The decoys, or “flush” checks, considered in the previous set of positions were administered by rooks. But bishops can do it, too.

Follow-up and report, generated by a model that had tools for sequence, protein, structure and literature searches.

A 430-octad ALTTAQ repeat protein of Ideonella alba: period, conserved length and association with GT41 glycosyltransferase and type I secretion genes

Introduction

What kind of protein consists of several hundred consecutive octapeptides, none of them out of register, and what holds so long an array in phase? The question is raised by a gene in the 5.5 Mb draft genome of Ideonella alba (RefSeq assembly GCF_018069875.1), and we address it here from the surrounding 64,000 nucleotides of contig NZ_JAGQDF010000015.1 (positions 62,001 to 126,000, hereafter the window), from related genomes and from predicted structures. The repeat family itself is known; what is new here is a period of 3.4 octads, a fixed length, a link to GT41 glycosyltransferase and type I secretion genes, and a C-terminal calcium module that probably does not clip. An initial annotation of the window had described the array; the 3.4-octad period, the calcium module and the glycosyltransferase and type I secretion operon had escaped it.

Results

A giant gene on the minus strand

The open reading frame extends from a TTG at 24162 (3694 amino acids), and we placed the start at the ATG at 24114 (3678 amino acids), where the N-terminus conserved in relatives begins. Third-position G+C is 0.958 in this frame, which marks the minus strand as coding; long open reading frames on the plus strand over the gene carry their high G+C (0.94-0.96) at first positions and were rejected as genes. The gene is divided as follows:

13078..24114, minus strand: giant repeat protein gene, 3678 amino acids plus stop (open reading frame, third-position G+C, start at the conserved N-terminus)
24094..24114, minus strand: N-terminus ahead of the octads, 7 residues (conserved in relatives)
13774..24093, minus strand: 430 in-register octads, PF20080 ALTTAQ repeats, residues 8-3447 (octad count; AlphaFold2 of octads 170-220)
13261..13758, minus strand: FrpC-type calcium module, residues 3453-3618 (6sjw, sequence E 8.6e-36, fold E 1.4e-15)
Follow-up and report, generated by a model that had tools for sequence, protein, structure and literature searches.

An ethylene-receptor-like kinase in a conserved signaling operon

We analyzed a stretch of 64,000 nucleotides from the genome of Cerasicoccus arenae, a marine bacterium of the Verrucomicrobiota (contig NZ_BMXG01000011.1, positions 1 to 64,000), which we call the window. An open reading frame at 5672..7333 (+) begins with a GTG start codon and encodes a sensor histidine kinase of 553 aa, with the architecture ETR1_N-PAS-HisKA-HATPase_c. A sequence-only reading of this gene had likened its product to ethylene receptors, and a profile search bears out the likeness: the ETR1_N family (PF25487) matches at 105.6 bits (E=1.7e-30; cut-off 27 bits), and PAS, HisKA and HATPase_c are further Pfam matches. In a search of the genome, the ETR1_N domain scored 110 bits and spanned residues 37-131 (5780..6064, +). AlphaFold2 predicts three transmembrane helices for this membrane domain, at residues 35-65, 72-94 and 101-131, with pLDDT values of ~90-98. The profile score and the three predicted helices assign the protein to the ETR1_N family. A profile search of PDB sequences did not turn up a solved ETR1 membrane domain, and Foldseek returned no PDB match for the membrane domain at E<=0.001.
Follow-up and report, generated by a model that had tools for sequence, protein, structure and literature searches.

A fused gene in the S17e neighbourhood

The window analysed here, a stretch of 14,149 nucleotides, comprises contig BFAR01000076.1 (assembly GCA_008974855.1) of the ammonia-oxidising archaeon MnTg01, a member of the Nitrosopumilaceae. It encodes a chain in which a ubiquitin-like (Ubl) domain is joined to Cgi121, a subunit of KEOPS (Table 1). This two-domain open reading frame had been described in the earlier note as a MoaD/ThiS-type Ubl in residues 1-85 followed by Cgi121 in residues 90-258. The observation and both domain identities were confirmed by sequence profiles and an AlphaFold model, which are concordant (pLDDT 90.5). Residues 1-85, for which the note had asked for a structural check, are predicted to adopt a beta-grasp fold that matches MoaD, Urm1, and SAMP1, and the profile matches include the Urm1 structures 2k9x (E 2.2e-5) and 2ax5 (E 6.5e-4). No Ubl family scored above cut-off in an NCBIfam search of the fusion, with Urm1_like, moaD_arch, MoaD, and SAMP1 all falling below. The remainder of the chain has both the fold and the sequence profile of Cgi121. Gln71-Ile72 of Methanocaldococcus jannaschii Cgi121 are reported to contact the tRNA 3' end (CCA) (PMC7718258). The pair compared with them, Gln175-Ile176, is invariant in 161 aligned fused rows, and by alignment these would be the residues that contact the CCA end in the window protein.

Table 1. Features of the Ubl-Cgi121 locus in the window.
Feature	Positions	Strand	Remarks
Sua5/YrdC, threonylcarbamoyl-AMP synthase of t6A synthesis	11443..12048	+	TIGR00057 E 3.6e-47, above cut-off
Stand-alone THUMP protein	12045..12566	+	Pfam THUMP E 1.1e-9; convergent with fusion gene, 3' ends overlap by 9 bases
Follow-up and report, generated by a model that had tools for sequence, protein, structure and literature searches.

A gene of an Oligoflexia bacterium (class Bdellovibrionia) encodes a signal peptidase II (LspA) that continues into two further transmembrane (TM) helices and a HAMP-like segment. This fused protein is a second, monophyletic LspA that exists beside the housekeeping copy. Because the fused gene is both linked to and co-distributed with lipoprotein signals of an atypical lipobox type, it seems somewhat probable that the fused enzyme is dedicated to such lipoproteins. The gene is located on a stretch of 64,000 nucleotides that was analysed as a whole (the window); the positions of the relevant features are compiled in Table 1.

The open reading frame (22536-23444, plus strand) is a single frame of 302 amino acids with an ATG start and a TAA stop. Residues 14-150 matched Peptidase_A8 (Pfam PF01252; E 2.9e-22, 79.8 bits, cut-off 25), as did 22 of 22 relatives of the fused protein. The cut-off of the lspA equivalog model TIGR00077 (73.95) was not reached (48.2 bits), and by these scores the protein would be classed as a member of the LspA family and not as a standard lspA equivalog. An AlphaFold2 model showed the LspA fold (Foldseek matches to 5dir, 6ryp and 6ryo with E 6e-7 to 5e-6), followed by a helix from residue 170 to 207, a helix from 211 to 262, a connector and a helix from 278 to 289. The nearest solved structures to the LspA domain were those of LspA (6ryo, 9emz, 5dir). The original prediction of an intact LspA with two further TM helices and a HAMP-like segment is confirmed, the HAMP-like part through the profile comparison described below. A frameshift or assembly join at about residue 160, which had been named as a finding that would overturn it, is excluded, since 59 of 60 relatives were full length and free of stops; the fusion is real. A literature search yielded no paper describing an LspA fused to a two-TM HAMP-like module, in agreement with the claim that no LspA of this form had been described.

In the position to the left, some elements familiar from our last batch of studies are visible: White’s king protects its queen, and the queen is under attack by its opposite number. This makes you want to check the king to pull it away and leave White’s queen loose. You have no rook available for the purpose—but consider all of your options and you find that you do have a bishop. Black plays Bc2+, and the consequence of the check is the same as if it were administered by a rook: the king must capture or else allow the queen to be skewered. White plays KxB, at least picking up the bishop before leaving his queen loose and permitting Black to play QxQ+ next move.